As a color, “nude” is often loaded with prejudice. In theory, it matches the wearer’s skin color, which makes it easy to pair with just about anything. It’s a wardrobe staple, and therefore a commercial staple for most shoe brands. But in practice, it commonly describes variations of beige with pinkish undertones, which is only “nude” for a certain sliver of the world’s population.
Christian Louboutin, maker of some of the globe’s most-coveted, high-end footwear, has been challenging that notion. Last year the company expanded its nude palette to five different shades. With its spring collection, it has added two more. The brand’s new ad campaign shows off the new range, but as importantly, the move shows why diversity behind the scenes matters.
Louboutin explained his decision to expand the nude range in a blog post last year. “I’ve always done a Nude shoe but only using the color beige,” he said. It wasn’t until a team member bluntly stated “beige is not the colour of my skin” that he recognized “nude” should be a concept rather than a single shade. The heels Louboutin now offers because of that realization range from “porcelain” to “deep chocolate,” as the brand describes them on its Instagram page. There are a few styles available, costing $675 or $875.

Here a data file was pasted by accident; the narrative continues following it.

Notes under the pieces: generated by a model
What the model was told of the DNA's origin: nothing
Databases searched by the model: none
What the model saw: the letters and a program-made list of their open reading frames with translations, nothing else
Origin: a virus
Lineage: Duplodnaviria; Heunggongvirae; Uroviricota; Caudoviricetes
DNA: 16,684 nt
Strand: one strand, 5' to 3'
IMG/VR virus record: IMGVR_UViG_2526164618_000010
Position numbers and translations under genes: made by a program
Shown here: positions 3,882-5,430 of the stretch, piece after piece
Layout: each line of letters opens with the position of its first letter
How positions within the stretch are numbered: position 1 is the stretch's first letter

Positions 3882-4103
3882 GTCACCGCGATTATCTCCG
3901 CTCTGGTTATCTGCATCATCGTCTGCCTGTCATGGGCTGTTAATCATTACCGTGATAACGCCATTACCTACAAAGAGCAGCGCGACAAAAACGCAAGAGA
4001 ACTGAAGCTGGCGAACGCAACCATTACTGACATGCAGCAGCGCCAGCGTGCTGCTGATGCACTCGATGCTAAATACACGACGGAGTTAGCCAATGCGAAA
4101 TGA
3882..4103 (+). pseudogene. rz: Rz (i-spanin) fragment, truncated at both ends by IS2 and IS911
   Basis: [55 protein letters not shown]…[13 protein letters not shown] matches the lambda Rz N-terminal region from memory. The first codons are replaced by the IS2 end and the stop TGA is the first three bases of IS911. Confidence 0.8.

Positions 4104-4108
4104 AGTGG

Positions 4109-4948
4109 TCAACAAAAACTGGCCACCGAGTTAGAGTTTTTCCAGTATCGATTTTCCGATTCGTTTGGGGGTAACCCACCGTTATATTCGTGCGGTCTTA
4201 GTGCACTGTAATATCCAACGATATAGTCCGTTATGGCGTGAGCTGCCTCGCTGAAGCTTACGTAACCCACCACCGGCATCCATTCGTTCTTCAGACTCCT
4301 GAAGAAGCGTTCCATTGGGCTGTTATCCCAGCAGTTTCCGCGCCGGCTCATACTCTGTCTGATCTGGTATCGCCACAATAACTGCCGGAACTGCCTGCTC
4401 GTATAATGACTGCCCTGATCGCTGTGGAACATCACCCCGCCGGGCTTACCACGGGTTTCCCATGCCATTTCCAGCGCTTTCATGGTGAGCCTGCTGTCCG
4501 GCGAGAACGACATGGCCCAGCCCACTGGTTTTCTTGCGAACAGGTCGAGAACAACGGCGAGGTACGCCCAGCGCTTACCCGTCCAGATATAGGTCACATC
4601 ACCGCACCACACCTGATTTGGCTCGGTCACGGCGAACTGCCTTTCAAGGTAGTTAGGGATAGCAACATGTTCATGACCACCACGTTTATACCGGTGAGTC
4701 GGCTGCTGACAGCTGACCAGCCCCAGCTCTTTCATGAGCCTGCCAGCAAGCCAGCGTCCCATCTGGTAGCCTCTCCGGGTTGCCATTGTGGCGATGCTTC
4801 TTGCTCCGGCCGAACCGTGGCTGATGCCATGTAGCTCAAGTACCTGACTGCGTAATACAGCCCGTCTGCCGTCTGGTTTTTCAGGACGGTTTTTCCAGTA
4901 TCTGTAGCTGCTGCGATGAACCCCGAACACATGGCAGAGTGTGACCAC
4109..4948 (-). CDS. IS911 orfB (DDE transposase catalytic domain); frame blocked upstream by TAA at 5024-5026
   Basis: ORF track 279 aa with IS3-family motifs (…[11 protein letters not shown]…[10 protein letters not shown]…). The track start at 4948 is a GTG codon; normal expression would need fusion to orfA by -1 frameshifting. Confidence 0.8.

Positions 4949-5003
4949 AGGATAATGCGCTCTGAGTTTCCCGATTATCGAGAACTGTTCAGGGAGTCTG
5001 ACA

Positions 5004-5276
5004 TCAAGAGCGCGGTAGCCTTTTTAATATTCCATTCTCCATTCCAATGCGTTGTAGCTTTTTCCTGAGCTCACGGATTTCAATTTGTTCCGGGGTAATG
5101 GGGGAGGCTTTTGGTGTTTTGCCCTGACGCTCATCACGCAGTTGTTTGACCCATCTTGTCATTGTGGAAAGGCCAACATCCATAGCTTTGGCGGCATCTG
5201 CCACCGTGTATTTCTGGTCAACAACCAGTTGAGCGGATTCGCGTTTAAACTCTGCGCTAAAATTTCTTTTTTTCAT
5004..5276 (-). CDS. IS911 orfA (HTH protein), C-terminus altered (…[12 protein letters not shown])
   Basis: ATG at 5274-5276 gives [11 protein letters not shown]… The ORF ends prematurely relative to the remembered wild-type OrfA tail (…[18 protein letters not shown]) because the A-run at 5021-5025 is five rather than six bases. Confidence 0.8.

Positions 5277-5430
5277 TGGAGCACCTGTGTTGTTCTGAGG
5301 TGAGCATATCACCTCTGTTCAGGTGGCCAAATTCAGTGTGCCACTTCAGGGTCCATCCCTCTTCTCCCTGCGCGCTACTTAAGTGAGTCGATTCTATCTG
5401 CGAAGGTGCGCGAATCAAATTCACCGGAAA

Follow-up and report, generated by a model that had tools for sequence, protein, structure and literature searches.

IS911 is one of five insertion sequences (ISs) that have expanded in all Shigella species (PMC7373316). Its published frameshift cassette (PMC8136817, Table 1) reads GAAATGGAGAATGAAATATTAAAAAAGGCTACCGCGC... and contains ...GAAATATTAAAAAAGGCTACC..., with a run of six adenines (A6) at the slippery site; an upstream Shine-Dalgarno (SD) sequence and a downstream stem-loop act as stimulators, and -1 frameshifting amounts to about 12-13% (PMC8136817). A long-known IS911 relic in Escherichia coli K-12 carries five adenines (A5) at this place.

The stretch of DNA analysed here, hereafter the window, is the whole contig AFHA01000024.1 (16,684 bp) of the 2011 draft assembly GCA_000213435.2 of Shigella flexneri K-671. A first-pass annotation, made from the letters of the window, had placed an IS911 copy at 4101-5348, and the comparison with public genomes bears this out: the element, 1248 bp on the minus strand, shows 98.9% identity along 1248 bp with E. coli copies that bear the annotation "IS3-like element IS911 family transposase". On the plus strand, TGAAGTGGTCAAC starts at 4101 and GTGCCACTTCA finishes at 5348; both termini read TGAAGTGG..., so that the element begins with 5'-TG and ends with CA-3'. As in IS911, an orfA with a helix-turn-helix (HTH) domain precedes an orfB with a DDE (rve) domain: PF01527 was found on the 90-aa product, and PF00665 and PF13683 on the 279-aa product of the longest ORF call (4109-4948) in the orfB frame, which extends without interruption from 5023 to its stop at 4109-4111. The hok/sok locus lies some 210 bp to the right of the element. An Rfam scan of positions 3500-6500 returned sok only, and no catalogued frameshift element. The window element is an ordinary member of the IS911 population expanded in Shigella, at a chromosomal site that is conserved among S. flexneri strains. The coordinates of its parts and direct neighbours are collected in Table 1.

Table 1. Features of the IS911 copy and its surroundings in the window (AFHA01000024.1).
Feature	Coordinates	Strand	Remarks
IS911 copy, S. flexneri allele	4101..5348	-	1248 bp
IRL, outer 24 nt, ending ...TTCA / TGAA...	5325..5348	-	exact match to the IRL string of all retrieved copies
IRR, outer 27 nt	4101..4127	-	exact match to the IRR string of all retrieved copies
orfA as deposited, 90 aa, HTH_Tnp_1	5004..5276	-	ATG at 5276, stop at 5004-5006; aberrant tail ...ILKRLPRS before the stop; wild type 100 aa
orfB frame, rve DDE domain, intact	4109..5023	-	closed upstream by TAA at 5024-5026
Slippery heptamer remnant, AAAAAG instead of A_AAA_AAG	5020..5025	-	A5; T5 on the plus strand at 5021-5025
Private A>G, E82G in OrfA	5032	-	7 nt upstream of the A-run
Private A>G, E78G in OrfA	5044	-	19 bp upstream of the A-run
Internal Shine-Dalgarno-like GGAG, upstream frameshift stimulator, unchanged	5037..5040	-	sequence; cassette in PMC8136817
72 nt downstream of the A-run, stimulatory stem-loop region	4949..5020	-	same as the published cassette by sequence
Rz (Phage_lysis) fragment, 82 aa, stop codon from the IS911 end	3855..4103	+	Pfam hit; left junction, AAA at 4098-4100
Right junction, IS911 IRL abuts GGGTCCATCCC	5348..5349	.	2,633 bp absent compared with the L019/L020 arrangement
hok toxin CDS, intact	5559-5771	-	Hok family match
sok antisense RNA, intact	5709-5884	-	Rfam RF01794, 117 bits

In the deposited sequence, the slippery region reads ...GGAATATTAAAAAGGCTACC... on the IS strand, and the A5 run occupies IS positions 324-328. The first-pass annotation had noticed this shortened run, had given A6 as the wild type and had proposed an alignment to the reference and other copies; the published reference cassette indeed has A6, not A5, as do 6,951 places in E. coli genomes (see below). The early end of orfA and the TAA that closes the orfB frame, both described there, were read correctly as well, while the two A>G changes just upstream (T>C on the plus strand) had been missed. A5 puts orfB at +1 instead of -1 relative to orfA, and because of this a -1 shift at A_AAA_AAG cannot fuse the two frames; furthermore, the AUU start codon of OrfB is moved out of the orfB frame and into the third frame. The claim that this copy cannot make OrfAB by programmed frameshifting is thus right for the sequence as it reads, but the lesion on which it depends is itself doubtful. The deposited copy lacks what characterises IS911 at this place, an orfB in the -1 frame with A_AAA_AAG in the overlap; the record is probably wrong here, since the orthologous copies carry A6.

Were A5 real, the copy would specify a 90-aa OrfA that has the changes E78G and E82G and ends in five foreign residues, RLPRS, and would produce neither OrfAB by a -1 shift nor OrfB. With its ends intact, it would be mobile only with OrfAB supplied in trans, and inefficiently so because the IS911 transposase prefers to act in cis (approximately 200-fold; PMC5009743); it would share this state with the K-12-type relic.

As Mic reported, a number of Louboutin’s Instagram followers expressed gratitude for the inclusive approach. In the comments to Louboutin’s ballet-inspired images (ballerina flats, costing $595, are a new addition to the Nudes Collection), one user wrote, “Louboutin – you guys are the best and the only luxury brand that does this. They may ‘only’ be shoes but you’re making a difference by designing and retailing inclusiveness and diversity.”
In runways to magazine covers, fashion still lags in representing a range of races and ethnicities. There are various reasons why, but one recurring argument is that there aren’t enough people of color being hired behind the scenes, where decisions are made.
Still, it’s surprising how often “nude” is used to refer to one shade. Fashion brands have global customer bases. If not for moral reasons, for commercial reasons, more brands should have updated their idea of what nude is long ago. As Louboutin said in his blog post last year, “I have clients from every continent and want to make them happy!”
Fans of the brand’s famous red soles need not worry. They’re still there—and in fact, they similarly owe their origin to one of Louboutin’s staff. He got the inspiration when he saw his assistant painting her nails, and snatched the red nail polish away to slather it on the shoe he was designing.